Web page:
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Reducing Minimum Lot Sizes in Houston, TX

Illustration by Wynton Henderson

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Houston is the only major American city without zoning, meaning it does not comprehensively separate communities by use type, nor does it directly regulate density. However, the city does have land use regulations that shape neighborhoods, including minimum parking requirements and lot sizes. Minimum lot sizes set a minimum square width below which properties cannot be subdivided. In the 1990s, Houston’s population rose steeply, necessitating an increase in the supply of affordable homes.

Reforms Implemented

In 1998, Houston made substantial revisions to its Development Ordinance as the result of a comprehensive review of planning practices by a citizen committee as well as Houston’s Planning Commission. The reforms were designed to allow for denser, more walkable neighborhoods.

Specifically, the city lowered the minimum lot size for single-family homes from 5,000 square feet to as low as 1,400 square feet subject to certain technical conditions in the city center (and 3,500 square feet within most of its broader urban area). Functionally, this change made it possible to divide a large single property into three units. The new ordinance also made the process for granting approval for such redevelopments more efficient. In 2013, Houston expanded the lower minimum lot sizes beyond the city’s most urban area to apply citywide.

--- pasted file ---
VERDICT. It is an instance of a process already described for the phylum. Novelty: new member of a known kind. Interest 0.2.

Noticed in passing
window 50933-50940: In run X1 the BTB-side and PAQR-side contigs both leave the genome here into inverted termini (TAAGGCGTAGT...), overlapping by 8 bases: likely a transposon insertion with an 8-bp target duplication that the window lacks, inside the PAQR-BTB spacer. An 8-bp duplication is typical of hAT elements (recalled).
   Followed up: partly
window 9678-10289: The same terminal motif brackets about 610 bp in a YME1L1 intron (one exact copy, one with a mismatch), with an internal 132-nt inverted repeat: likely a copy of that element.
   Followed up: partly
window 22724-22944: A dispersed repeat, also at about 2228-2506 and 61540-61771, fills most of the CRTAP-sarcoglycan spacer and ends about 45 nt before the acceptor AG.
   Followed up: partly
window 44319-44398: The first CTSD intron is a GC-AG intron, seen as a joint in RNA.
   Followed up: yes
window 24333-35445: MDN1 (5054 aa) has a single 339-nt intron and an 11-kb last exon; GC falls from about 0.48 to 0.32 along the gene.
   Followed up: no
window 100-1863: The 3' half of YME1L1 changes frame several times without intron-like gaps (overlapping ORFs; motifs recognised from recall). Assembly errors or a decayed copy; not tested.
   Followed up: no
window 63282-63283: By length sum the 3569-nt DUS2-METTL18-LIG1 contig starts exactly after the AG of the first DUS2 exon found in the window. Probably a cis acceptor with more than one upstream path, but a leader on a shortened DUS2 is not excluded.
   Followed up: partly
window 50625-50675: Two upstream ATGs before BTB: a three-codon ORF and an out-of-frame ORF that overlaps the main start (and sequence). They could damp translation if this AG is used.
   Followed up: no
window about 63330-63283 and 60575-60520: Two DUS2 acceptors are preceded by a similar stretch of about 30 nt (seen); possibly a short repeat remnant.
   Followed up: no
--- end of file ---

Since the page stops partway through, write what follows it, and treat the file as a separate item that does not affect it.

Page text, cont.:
Notably, communities were allowed to opt out of new requirements to allow for smaller lots. Researchers have posited that the opt-out flexibility was crucial for allowing the new requirements to pass, as it quelled local opposition to the measure.

Early Evidence

Over 25,000 homes were developed on lots under 5,000 square feet between 1999 and 2016—clear evidence that the 1998 reform directly allowed for denser housing. New, smaller lots were particularly prominent in underutilized commercial land and middle-income residential communities, likely because wealthier communities opted out of the reduced lot size requirements while lower-income communities lacked sufficient demand for any new housing that might be built.

Recent research by NYU’s Furman Center found that, from 2005 to 2020, Houston saw more than 5,300 conversions of detached single-family houses to townhouses—where houses on larger lots were replaced with multiple taller, thinner homes. The Furman Center study estimated that less than one-fifth of new dense housing was a result of conversions, with most dense housing constructed on commercial and industrial land. Single-family to townhouse conversions were concentrated in the urban core where smaller and older houses had existed and produced relatively affordable homes. The median townhouse on a formerly single-family lot in 2020 was valued at $340,000, compared to $545,000 for single-family houses built 2007 or later on unsubdivided parcels.

As the graph below shows, 2- to 4-unit housing supply increased in the years following the 1998 and 2013 reforms, though a variety of factors undoubtedly played a role in these trends. This data also omits single-family townhomes, which were a large component of the rise in denser housing. Houston has a median house price below the national median despite decades of job and population growth.

Read more zoning and land use case studies here.

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